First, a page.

mardi 21 avril 2009
par   G. Grégori

Armbrust EV, Chisholm SW (1990) Role of Light and the Cell-Cycle on the Induction of Spermatogenesis in a Centric Diatom. Journal of Phycology 26 :470-478

<Go to ISI> ://A1990EU78500010

The centric diatom, Thalassiosira weissflogii Grun., can be induced to undergo spermatogenesis by exposing cells maintained at saturating levels of continuous light to either dim light or darkness. Using flow cytometry to determine the relative DNA and chlorophyll content per cell, the number of cells within a population that responded to an induction signal was measured. From 0 to over 90% of a population differentiated into male gametes depending upon both the induction trigger and the population examined, regardless of the average cell size of the population. Through the use of synchronized cultures, we demonstrated that responsiveness to an induction trigger was a function of cell cycle stage ; cells in early G1 were not yet committed to complete mitosis and were induced to form male gametes, whereas cells further along in their cell cycle were unresponsive to these same cues. A simple model combining the influence of light on the mitotic cell cycle and on the induction of spermatogenesis is proposed to explain the observed diversity in population responses to changes in light conditions.

Burkill PH, Mantoura RFC (1990) The Rapid Analysis of Single Marine Cells by Flow-Cytometry. Philosophical Transactions of the Royal Society of London Series a-Mathematical Physical and Engineering Sciences 333 :99-112

<Go to ISI> ://A1990EF38200011

Wood AM, Townsend D (1990) DNA Polymorphism within the Wh7803 Serogroup of Marine Synechococcus Spp (Cyanobacteria). Journal of Phycology 26 :576-585

<Go to ISI> ://A1990EU78500024

Genetic differences among ten strains of chroococcoid cyanobacteria (Synechococcus spp.) were identified by Southern blot hybridization. Data on shared number of restriction fragment length polymorphisms were used to identify the pattern and degree of genetic relatedness among the strains by two different methods of phylogenetic analysis. All the marine strains in the study contained phycoerythrin (PE) and cross-reacted with antisera directed against strain WH7803. Five contained a PE composed of phycourobilin (PUB) and phycoerythrobilin (PEB) chromophores, and three contained a PE composed of only PEB chromophores. Two freshwater strains which do not contain PE and do not cross-react with the anti-WH7803 serum were included in the study for comparison. Dollo Parsimony analysis and cluster analysis showed that the WH7803 serogroup includes at least four widely separated genetic lineages. Strains within each lineage were closely related but the differences between lineages were as great as those between any of the marine lineages and the freshwater lineage. Strains cultured simultaneously from the same water mass were associated with different lineages. Thus, we conclude that natural assemblages of marine Synechococcus are, at least occasionally, composed of individuals as genetically distinct from each other as members of different species or genera in other taxa.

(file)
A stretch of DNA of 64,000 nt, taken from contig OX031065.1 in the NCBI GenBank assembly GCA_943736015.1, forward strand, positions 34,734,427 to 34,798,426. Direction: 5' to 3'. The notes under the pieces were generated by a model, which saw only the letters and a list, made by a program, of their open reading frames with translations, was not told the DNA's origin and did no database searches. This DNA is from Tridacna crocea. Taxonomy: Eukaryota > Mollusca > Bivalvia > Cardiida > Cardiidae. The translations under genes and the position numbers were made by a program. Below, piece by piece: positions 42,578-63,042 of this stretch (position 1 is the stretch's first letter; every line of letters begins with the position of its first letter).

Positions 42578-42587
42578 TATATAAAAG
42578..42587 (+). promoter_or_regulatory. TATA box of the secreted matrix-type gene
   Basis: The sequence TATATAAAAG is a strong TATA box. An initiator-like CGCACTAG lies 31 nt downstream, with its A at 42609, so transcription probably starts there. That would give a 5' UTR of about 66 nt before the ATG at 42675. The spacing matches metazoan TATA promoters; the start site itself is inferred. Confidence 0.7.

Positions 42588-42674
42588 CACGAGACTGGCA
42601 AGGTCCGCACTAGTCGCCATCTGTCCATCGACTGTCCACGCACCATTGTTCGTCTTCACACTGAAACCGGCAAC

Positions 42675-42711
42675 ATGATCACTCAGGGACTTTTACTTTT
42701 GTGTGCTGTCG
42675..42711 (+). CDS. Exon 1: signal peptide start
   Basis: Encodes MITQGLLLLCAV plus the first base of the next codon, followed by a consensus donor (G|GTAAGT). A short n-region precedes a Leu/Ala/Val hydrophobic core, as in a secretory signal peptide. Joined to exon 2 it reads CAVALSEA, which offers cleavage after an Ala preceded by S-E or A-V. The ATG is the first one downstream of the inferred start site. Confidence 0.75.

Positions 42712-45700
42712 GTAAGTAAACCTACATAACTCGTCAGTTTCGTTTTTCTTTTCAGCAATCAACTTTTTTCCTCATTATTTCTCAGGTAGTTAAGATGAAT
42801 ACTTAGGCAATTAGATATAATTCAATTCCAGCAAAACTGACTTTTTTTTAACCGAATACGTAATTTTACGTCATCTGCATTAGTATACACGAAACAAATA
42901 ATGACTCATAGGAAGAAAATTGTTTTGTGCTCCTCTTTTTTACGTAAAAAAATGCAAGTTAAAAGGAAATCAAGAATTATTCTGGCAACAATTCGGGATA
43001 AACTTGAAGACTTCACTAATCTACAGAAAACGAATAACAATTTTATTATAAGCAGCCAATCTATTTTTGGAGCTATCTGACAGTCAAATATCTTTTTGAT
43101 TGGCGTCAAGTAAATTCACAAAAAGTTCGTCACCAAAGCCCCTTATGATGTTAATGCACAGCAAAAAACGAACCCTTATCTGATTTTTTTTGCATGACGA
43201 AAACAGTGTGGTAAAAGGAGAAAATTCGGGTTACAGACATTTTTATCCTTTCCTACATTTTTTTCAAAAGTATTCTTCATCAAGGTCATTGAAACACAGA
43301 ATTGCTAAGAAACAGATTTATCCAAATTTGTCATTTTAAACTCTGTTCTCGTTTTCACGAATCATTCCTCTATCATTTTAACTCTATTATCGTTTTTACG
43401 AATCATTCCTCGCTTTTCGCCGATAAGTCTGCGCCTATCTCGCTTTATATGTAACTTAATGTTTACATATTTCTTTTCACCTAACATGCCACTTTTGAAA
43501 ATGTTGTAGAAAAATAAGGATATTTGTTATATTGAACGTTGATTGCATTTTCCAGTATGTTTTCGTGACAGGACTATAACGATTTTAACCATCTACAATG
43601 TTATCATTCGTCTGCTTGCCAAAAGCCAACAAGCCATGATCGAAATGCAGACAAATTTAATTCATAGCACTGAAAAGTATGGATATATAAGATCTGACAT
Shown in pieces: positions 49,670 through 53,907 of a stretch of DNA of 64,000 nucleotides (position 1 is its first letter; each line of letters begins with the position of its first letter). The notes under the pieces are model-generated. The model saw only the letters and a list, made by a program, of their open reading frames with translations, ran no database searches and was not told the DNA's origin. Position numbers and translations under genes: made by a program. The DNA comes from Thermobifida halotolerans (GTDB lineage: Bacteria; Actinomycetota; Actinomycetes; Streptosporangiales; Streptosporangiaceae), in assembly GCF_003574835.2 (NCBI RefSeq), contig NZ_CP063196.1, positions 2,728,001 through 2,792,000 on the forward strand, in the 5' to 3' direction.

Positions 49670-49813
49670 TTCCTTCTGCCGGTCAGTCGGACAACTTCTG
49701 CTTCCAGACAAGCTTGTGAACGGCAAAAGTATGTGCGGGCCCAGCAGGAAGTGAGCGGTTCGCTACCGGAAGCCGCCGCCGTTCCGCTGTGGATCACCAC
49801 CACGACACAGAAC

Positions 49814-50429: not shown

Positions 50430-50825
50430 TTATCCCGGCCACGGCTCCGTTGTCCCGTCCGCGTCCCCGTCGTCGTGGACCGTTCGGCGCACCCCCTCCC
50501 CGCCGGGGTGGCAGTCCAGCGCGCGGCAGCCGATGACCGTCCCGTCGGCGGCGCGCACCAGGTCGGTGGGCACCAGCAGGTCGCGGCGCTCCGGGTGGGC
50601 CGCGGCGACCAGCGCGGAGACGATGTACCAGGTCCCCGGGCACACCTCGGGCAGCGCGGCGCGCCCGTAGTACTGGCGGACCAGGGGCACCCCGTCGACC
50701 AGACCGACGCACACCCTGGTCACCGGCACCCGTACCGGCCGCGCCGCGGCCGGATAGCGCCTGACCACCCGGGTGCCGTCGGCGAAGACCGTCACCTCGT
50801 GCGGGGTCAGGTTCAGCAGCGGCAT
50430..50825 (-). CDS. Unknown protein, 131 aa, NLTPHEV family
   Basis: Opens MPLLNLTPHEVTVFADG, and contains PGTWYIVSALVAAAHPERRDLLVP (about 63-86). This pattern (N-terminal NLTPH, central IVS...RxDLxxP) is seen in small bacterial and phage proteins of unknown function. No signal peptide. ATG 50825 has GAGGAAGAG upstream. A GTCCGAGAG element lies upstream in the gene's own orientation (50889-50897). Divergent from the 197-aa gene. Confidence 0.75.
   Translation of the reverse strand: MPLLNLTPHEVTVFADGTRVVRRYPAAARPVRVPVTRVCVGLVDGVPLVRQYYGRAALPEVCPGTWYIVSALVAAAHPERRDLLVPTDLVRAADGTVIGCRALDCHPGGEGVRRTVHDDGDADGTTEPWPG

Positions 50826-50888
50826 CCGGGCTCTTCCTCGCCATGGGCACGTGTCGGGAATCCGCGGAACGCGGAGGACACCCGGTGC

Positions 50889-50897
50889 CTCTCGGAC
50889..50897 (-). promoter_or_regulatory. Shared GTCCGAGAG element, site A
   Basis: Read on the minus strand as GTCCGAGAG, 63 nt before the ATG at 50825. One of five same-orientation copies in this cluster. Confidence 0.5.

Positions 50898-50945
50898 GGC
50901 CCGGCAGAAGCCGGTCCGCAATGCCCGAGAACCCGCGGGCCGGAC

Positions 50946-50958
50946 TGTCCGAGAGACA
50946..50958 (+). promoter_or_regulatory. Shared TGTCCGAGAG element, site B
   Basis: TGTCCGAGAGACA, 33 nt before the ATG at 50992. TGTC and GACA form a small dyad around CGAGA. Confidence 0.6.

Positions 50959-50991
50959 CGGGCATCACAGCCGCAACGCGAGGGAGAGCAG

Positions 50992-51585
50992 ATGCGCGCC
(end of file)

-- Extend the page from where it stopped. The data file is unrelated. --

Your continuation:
Yentsch CM (1990) Environmental health : flow cytometric methods to assess our water world. Methods Cell Biol 33 :575-612


Flow cytometry/cell sorting in aquatic sciences has been driven in two directions. The frontier directions are on shipboard and shore-based. On the one hand, the rapid analytical technique has been taken on shipboard to provide a real-time assessment of the particles and phytoplankton in water masses. These data also give information on the amount of vertical mixing and advection, and denote fronts between two or more water masses. There is an optical characterization (based on sizes, numbers, and pigment groups) of the individual primary producers, as well as detritus and suspended sediments. An optical-closure question is being addressed : "Does the total optical signal equal the sum of the parts ?" Additionally, associations with chemical and physical oceanographic features are readily accomplished. A "census" of thousands of phytoplankton cells is obtained and can be mapped. Scientists are able to identify "who is where ?" Such data are critical to understand the optical-feedback loop or the so-called photon-budget-in-the-sea, which in turn controls the rates at which growth processes occur in nature. On the other hand, an in-depth understanding is sought as to how particle size, shape, refractive index, nutritional status (nutrient and/or light limitation), growth dynamics, and cell cycle combine to control the optics (light scatter and fluorescence at the moment, and ideally absorption as well) or the photon-budget-of-the-cell. For this purpose, a shore-based facility associated with a diverse collection of phytoplankton is ideal. The development at Bigelow Laboratory of the Jane J. MacIsaac Facility is to provide services for the oceanographic community. Association and co-location with the Provasoli-Guillard Center for Culture of Marine Phytoplankton is key. Visitors are trained and given access to state-of-the-art instrumentation. Visiting investigators have available "the tropical, temperate, and polar seas" in concentrated form, as marine phytoplankton isolated worldwide and maintained as living clonal cultures. In this way, frontline cell biology questions can be addressed. The relentless exploration of standards and controls appropriate for the aquatic community must be continued. An intercalibration effort is a vital step. It is only with the widespread acceptance of particular reference materials and uniform optical filters among research groups utilizing FCM that comparable data sets describing aquatic particle distributions will be possible. For a global science, this strategy is imperative.